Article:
With a new NFL season starting up, it's become almost an annual rite of passage to root against Tom Brady. I mean, look at him, the handsome man who spent a pre-Super Bowl press conference a few years ago rambling on about ball preference.Â I donâ€™t care how old you are, Brady talking about people preferring â€œold ballsâ€? is pretty hilarious.
Mars is settled in the not-so-distant future on National Geographicâ€™s hit docu-drama. The second season of MARSÂ is currently under production in Hungary and the network is giving fans a first look at the set today during a 360 live stream at 12:00 p.m. EST. Season two will have a time jump from where we last left the first crew to successfully land on the red planet.
True Detective season 3 is definitely happening, and it will star Mahershala Ali as Arkansas state police detective Wayne Hays. The scripts were all once again written by creator Nic Pizzolatto. He co-wrote episode four withÂ David Milch (Deadwood), who signed on to help Pizzolatto prepare the third season. According to Deadline, as of a month ago, Pizzolatto had completed five of the scripts. An exact episode count has not been confirmed, although the first two seasons were eight episodes each.
Muck Rack makes it simple to find people, tweets, or articles that mention any name, keyword, company, hashtag etc. We've compiled this guide to help you make the most of your search.
Selecting a term
Start searching tweets, articles from media outlets, articles mentioned in tweets, journalists'
names, titles and bios with some suggested searches:
Companies or Topics (e.g. iPhone, Microsoft)
Phrases (e.g. "cloud computing") — use quotes to keep the terms together
Twitter handles (e.g. @username) — returns those who have mentioned or replied to
Names (e.g. "David Pogue")
Hashtags (e.g. #sxsw, #london2012)
Bio details (e.g. vegan, Olympics, father)
Muck Rack's Advanced Search allows for many boolean operators.
Find results that mention multiple specified terms, use AND or
+. For example, ensure each result contains both Elon Musk and Mark Zuckerberg by
searching Obama AND Romney or Obama + Romney.
Use the operators OR or , to broaden your search when you'd like either of
multiple terms to appear in results. (This is the default behavior of our search when no operators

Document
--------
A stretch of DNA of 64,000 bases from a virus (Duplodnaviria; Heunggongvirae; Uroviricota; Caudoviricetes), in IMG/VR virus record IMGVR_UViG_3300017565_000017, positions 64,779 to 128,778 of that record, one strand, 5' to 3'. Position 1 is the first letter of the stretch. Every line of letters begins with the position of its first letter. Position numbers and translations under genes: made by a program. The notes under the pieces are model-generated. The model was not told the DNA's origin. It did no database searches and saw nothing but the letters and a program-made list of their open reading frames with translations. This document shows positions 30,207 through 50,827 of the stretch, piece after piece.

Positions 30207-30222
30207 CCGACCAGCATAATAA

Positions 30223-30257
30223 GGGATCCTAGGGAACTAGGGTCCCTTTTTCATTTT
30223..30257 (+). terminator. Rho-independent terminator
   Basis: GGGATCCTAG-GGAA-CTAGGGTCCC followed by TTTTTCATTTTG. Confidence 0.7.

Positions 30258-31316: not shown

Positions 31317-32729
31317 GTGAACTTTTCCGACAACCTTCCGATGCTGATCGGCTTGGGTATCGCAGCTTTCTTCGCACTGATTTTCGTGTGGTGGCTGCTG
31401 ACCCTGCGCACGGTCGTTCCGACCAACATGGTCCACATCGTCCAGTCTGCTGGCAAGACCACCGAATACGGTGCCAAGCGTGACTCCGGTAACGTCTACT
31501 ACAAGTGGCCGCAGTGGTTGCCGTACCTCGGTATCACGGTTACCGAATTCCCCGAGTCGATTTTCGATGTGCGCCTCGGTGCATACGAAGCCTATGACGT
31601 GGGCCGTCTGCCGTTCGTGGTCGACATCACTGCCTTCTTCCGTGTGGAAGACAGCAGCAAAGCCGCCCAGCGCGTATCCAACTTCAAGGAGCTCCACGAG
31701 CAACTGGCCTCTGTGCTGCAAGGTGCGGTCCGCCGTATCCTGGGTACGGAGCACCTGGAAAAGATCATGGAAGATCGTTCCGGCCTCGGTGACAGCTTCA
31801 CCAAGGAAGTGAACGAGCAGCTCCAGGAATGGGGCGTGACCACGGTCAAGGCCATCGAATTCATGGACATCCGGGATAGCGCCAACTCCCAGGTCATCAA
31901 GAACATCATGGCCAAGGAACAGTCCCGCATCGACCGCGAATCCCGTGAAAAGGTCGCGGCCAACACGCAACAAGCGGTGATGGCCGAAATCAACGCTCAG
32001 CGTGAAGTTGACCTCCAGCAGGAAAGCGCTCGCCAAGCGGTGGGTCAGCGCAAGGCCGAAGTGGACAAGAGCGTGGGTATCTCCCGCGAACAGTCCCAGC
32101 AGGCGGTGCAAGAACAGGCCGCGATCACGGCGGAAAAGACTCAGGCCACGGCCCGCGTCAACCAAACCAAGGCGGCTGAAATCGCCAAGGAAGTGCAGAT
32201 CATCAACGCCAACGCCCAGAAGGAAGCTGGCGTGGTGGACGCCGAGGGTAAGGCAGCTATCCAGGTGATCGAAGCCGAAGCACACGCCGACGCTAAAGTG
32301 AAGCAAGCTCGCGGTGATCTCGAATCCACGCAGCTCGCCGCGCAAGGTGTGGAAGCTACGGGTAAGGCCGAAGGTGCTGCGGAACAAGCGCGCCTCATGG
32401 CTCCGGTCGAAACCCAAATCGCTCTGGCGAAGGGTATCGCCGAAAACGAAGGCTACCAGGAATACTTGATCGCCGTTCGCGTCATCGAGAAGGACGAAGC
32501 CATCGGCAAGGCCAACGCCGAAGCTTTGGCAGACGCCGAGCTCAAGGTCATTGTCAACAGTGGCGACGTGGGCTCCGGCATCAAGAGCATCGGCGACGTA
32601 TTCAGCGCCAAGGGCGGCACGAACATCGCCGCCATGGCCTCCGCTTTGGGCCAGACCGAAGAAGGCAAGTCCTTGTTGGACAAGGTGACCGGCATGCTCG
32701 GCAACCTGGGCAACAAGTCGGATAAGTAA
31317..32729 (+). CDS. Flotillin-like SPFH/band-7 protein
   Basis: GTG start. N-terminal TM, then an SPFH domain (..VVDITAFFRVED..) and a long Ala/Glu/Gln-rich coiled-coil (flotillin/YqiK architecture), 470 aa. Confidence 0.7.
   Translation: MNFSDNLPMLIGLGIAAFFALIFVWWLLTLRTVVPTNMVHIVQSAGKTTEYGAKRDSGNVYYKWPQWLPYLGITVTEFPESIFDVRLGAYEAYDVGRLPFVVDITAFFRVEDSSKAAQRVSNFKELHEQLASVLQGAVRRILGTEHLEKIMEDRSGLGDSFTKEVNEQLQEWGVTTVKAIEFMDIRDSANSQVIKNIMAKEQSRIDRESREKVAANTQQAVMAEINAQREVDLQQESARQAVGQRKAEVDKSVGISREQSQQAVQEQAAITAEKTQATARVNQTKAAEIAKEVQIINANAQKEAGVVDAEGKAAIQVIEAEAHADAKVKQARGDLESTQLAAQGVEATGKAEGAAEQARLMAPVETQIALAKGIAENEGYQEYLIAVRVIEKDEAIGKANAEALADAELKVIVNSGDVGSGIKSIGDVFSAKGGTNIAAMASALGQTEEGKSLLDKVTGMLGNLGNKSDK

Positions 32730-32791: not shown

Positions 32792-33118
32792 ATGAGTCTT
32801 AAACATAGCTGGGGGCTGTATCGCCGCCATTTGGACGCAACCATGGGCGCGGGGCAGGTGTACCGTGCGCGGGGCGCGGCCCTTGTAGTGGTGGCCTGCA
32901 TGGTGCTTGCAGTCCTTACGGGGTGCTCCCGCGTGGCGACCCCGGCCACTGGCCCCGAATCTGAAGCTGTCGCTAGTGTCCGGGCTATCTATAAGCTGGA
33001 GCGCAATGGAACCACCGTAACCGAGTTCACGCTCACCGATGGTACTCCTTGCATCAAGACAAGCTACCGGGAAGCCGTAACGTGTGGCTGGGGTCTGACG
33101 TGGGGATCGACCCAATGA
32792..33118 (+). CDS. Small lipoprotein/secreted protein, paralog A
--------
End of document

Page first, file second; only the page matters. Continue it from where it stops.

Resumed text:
are used.) For example, search for democrat OR republican to find results that refer to
Democrats and/or Republicans.
Use NOT or - to subtract results from your search. For
example, searching Disney will yield results about the Walt Disney Company as well as Walt Disney
World Resort. To exclude mentions of Disney World, search for Disney -World or Disney
When using one of these operators with a phrase, enclose it in quotation marks. For example, you can
find results about smartphones excluding Apple's iPhone 4S by searching smartphone -"iPhone
Exact case matching or punctuation
If you're searching for a brand name or keyword that relies on specific punctuation marks or capitalization, you can
find results that match your exact query by adding matchcase: before the keyword you're searching for, like matchcase:E*TRADE .
Use parentheses to separate multiple
boolean phrases. For example, to find journalists talking about having fun in Disney World or
Disneyland, search for ("disney world" OR disneyland) AND fun.
An asterisk can be used to search for any variation of a root word truncated by the asterisk. For example, searching for admin* will return results for administrator, administration, administer, administered, etc.
A near operator is an AND operator where you can control the distance between the words. You can vary the distance the near operation uses by adding a forward slash and number (between 0-99) such as strawberries NEAR/10 "whipped cream", which means the strawberries must exist within 10 words of "whipped cream".